Master of Public Policy student David Castro-Peña shares why he thinks GPS is perfectly positioned as a place to study Latin American policy
By David Castro-Peña
Public policy got into my mind while walking in rural Colombia almost 10 years ago.
My mentor and friend, statistics lecturer Nestor Cordero, invited us – a couple of engineering students – to visit the rural Sumapaz, Colombia, a territory that covers the world’s largest paramo ecosystem that provides food and pure water for a city of 7 million habitants.
A paramo is a special ecosystem where plants are designed to capture water from the mist and deposit it into underground water basins that feed the main rivers from which millions of communities receive potable water. Walking by those territories helped me understand the territory from a perspective where their habitants were connected to the natural ecosystem and the institutions.
In particular, the farmer was not only a food producer or an irrational agent that just does not use rural insurance. The farmers were human: a single mother raising two children attending a school without internet; a couple of 70-year-old elders looking for agricultural credit; a community of producers with informal rules of investment, all very distant from the educational theories, newspapers and perceptions of the outside world.
Those hours of class and theories clicked in my soul through those conversations with farmers and their generosity in the middle of vicissitudes. Since then, I have been obsessed with one particular idea: the potential of empowering communities for shaping better institutions, for getting better democracy.
Today, studying at UC San Diego – and particularly at the School of Global Policy and Strategy (GPS) – has meant more than just the opportunity of receiving a degree from a top U.S. university. It has been a personal commitment to open opportunities for many young people without employment, for many women bearing the heavy weights of inequality and prejudice. Many of those people are young and old friends with whom I have shared common challenges and dreams.
GPS has responded coherently with my aspirations as a Latino. When deciding where to apply, I sought a university with academic standards that were matched by a concrete effort of increasing the participation for those who are still minorities in most of the Ivy Leagues or other top universities.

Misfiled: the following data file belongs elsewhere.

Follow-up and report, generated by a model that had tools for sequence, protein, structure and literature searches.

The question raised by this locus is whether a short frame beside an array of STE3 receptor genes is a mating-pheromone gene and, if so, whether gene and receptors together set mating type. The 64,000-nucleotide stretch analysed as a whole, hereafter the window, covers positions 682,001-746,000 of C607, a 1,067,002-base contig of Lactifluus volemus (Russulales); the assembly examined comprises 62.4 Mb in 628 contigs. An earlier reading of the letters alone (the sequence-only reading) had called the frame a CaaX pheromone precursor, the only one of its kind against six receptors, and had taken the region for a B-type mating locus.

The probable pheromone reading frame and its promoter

Being admitted at UC San Diego meant checking both requirements. The university has become a Hispanic-Serving Institution (HSI) and also a research institution committed to improving the difficult situation of a complex territory, as is the case of the U.S.-Mexico border.
In terms of quality of education, GPS is unique. I have gained insight on the current situation in Latin America, in a context where China has become a major player. This powerful perspective has been enriched with tools taught in GPS core classes, including intensive quantitative knowledge and a clear understanding of the policymaking processes.
Finally, among other wonderful things, GPS has opened for me a wide cultural window to share these valuable moments of life with students coming from different latitudes and teachers with diverse perspectives.
Paraphrasing Alvaro Gomez Hurtado, one of the greatest gains from culture is the possibility of discovering oneself in a specific temporal context. This awareness increases the possibility of being integrated into a society and its debates.
In this sense, the Spanish philosopher José Ortega y Gasset would describe this with a famous quote: “I am I, plus my circumstances.”
Therefore, my role depends on a coherent interpretation of both history and the current situation of millions of humans living through ecosystems and institutions. This personal interpretation matters more than ever given the rising threats to the possibility of having a society based on diversity, science and merit.
In this transcendental effort of self-discovery, I have found in GPS valuable mentors whose example and academic rigor are helping me get closer to my role at delivering solutions to those who initially inspired me to begin this academic journey.
This mentorship has not been defined by the famous magister dixit – Latin for “the teacher has said it” – where the teacher simply transfers knowledge to the student. Conversely, while I have found rigor in the academic sessions, most importantly I have experienced a continuous conversation challenging my preconceived ideas. These exchanges have kept my spirit active to discover better questions, to question better and primarily to walk toward public leadership with integrity: Fiat Lux.
David Castro-Peña is a San Diego County Board of Supervisors Fellow, an industrial engineer and a finance professional. He is a Master of Public Policy candidate at the UC San Diego School of Global Policy and Strategy.